Consistent with Sproat's analysis of Alma 3:5-7, note that the context around 2 Nephi 5:21, namely the passage in 2 Nephi 5:16-26, begins and ends with reference to the temple and priestly ministry, a point I don't think Sproat mentioned but which strengthens his argument. It also involves the issue of who has the right to rule and preside, which are related issues. Here I'm just using the version from the older but online the Univ. of Michigan source to save time (a quick scan of Skousen's text didn't reveal any noteworthy changes that I should add, but I may be missing something). Text to follow.

Jeff Lindsay said...

2 Nephi 5:16-26:

[16] And I, Nephi, did build a temple....

[17] And it came to pass that I, Nephi, did cause my people to be industrious, and to labor with their hands.

[18] And it came to pass that they would that I should be their king. But I, Nephi, was desirous that they should have no king; nevertheless, I did for them according to that which was in my power.

[19] And behold, the words of the Lord had been fulfilled unto my brethren, which he spake concerning them, that I should be their ruler and their teacher. Wherefore, I had been their ruler and their teacher, according to the commandments of the Lord, until the time they sought to take away my life.

[20] Wherefore, the word of the Lord was fulfilled which he spake unto me, saying that: Inasmuch as they will not hearken unto thy words they shall be cut off from the presence of the Lord. And behold, they were cut off from his presence.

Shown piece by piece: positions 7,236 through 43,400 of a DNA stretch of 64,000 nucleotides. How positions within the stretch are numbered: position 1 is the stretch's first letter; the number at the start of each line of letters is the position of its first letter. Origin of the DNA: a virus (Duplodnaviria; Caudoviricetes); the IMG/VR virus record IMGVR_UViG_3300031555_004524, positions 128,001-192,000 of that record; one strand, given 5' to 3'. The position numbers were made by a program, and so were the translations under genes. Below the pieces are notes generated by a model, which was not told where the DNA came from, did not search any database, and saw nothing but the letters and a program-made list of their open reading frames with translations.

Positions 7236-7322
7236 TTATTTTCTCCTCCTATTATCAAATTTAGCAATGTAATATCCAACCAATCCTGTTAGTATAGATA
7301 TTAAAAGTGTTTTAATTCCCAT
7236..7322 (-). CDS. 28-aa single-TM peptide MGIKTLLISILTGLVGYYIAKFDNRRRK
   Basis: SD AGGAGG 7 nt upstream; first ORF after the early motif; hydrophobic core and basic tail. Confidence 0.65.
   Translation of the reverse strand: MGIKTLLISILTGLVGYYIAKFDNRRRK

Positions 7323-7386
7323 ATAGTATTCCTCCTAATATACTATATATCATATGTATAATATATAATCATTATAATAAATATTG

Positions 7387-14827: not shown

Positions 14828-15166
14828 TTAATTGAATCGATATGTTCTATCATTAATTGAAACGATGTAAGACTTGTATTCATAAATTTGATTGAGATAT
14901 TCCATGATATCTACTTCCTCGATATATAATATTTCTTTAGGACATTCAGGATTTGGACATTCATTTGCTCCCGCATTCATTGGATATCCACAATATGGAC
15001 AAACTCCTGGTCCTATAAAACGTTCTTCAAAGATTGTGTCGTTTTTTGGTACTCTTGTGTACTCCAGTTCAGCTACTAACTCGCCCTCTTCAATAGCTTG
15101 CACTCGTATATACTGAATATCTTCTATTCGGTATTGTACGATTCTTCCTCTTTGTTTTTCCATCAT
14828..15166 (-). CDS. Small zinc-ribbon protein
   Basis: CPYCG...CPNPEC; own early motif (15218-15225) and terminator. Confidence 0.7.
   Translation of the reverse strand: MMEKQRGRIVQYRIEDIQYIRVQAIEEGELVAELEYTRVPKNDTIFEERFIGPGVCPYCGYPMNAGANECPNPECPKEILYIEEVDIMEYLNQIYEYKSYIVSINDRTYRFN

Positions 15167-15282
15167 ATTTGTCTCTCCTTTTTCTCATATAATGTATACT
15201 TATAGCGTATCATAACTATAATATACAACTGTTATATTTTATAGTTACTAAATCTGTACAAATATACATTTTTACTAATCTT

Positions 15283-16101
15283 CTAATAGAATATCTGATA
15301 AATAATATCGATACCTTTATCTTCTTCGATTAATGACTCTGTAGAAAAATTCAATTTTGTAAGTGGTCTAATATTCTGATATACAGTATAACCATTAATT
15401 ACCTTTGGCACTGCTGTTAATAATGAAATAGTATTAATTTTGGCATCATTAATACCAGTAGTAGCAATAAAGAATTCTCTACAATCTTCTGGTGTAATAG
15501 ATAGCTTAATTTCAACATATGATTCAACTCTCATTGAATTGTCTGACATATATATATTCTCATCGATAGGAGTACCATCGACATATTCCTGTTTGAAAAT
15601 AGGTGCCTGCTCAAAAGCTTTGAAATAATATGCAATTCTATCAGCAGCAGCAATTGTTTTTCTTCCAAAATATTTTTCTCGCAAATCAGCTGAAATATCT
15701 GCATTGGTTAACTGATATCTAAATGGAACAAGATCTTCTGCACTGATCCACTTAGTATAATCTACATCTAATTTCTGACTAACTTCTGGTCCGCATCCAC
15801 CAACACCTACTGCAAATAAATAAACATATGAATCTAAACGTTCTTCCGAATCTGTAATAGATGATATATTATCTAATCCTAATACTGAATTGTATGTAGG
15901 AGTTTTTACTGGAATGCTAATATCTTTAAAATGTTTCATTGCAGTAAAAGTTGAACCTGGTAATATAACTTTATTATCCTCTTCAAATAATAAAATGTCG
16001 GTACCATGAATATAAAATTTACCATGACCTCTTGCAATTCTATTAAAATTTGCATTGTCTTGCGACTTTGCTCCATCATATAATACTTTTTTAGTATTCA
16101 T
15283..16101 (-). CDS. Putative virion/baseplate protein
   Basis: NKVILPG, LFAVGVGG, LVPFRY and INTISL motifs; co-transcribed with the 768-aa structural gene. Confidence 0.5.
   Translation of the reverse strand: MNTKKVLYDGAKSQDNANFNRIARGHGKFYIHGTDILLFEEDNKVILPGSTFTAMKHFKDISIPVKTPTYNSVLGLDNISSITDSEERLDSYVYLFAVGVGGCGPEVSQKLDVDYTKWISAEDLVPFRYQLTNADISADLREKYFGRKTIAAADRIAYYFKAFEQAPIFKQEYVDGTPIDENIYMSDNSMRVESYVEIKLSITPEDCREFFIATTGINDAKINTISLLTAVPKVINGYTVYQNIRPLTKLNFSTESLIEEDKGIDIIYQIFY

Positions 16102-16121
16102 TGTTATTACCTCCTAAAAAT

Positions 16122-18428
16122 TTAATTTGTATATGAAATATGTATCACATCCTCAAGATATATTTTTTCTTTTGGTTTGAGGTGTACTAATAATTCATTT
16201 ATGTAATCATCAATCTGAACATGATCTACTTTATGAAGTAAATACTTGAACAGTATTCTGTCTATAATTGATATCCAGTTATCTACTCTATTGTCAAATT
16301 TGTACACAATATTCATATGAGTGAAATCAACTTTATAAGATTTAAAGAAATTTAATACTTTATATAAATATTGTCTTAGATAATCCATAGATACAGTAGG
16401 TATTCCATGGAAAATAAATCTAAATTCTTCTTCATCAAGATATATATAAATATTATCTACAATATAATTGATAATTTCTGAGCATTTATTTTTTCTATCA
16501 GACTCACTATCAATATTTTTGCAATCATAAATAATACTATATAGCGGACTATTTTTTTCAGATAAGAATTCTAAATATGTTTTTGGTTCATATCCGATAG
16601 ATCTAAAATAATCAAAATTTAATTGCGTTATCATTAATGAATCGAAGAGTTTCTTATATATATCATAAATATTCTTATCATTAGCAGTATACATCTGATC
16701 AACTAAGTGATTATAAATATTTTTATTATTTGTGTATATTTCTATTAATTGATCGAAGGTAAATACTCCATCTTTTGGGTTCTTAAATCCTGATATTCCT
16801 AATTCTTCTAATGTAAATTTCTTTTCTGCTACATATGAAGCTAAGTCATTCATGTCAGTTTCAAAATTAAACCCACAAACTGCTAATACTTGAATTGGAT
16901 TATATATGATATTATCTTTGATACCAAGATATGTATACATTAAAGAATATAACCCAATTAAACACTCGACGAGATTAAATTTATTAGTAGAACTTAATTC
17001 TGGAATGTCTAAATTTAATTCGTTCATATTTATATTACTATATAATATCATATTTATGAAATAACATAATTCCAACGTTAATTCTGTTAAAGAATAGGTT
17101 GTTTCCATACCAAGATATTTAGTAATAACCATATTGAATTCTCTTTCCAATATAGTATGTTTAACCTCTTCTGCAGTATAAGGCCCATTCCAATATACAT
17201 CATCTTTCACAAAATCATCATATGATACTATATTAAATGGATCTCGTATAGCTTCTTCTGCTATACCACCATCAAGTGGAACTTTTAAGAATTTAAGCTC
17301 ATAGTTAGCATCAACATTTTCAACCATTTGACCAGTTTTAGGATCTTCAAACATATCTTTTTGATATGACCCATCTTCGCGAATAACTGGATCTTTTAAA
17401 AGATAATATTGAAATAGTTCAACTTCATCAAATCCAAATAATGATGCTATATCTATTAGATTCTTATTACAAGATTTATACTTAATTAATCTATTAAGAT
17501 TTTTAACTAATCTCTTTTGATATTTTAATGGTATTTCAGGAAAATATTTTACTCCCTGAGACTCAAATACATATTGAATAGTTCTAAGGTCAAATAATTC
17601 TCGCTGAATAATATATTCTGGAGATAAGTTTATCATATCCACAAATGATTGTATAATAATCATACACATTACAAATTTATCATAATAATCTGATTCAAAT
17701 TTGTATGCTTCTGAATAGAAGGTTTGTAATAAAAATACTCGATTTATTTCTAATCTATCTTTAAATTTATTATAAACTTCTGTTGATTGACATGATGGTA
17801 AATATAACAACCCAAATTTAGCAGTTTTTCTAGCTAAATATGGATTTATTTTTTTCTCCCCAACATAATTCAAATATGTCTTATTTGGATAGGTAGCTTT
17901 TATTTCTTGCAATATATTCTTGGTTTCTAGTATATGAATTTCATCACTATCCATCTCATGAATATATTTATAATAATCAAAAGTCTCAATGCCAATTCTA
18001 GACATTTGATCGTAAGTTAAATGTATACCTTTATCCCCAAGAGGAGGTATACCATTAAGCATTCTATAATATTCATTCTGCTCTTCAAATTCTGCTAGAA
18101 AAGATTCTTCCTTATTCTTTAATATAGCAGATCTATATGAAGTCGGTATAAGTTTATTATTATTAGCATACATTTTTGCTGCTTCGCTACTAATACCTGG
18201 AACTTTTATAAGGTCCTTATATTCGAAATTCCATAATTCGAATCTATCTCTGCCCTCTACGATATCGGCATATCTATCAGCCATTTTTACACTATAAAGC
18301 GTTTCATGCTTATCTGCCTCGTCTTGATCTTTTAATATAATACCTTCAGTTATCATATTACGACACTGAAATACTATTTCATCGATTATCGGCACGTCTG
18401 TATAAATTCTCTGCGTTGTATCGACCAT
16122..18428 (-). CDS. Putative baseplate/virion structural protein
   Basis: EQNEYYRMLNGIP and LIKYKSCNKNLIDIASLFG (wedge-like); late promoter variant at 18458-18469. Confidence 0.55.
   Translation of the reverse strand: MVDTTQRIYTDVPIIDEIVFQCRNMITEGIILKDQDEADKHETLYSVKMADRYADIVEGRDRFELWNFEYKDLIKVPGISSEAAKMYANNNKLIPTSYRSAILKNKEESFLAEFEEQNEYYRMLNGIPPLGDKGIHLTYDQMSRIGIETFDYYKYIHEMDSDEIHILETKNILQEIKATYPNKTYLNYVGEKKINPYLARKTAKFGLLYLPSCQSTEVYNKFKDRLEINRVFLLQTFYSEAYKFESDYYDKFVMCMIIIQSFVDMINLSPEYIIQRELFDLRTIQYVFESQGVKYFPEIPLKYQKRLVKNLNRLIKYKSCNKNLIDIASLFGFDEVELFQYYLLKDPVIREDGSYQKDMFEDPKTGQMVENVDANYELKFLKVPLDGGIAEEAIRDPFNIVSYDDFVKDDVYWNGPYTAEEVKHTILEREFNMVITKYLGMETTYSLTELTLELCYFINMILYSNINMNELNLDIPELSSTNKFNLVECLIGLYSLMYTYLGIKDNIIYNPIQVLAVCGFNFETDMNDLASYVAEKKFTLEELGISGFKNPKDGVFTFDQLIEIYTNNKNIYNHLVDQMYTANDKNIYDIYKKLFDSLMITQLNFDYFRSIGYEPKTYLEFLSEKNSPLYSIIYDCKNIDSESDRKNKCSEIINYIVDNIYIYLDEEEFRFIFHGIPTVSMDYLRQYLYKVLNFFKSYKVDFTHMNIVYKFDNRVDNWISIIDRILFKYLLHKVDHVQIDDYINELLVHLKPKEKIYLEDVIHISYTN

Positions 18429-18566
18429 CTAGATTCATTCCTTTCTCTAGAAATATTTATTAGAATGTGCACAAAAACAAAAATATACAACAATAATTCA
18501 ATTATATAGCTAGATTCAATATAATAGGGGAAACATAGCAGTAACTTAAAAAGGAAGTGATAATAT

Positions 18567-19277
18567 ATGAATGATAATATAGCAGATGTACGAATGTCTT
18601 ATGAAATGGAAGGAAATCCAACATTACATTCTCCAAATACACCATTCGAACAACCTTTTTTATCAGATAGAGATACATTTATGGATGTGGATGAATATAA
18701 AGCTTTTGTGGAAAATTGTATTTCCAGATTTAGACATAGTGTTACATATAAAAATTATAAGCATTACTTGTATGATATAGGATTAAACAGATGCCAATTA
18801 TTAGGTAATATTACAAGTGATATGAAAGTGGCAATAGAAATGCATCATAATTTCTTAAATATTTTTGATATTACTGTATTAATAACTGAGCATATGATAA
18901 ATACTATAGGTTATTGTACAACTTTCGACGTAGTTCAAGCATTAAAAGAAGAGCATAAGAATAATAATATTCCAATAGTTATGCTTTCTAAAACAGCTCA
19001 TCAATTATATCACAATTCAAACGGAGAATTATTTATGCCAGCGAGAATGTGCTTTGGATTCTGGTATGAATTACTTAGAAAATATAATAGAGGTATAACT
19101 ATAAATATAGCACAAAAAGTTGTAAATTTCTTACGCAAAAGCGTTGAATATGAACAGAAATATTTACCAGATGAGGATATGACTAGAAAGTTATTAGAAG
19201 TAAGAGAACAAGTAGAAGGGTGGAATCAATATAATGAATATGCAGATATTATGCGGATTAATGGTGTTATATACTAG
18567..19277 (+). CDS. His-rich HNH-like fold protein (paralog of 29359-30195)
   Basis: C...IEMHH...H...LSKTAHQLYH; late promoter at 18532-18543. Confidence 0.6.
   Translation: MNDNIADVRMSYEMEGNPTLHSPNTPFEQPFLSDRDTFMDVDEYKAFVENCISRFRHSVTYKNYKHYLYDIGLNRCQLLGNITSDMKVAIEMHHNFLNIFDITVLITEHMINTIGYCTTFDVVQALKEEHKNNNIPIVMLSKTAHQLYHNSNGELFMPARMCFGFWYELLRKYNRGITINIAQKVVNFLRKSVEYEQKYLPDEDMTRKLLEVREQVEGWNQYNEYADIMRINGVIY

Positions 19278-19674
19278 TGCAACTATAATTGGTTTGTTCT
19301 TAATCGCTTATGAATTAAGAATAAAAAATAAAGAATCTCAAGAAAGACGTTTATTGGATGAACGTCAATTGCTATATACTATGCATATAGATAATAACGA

[21] And he had caused the cursing to come upon them, yea, even a sore cursing, because of their iniquity. For behold, they had hardened their hearts against him, that they had become like unto a flint; wherefore, as they were white, and exceedingly fair and delightsome, that they might not be enticing unto my people the Lord God did cause a skin of blackness to come upon them.

[22] And thus saith the Lord God: I will cause that they shall be loathsome unto thy people, save they shall repent of their iniquities.

[23] And cursed shall be the seed of him that mixeth with their seed; for they shall be cursed even with the same cursing. And the Lord spake it, and it was done.

[24] And because of their cursing which was upon them they did become an idle people, full of mischief and subtlety, and did seek in the wilderness for beasts of prey.

[25] And the Lord God said unto me: They shall be a scourge unto thy seed....

[26] And it came to pass that I, Nephi, did consecrate Jacob and Joseph, that they should be priests and teachers over the land of my people.

Note here that the manifestation of the cursing need not be genetic, but behavioral: "idle people, full of mischief and subtlety, and did seek in the wilderness for beasts of prey" -- factors that to the religious, hard-working agrarian Nephites apparently were appalling. And again, joining the Lamanites brought this curse directly upon any Nephite apostate, not just upon posterity. The contrast that is meant to keep Nephites with their own faith and culture may simply be one of behavior and religious belief and practice, not an improved skin tone (here applying my personal bias) for the Lamanites.

Big contrasts are shown here: the Nephites have the legitimate temple and priesthood, and the proper authority to rule. They have the truth, while their rebellious cousins have been cut off from the presence of the Lord and have a false priesthood. The Nephites labor with their own hands, while the curse on the Lamanites is expressed through their laziness and mischief and hunter-gatherer lifestyle. Understanding the skins worn by Lamanite men as repulsive symbols of their heresy and apostate priesthood and unseemly behavior makes good sense, especially in light of the wording of Alma 3.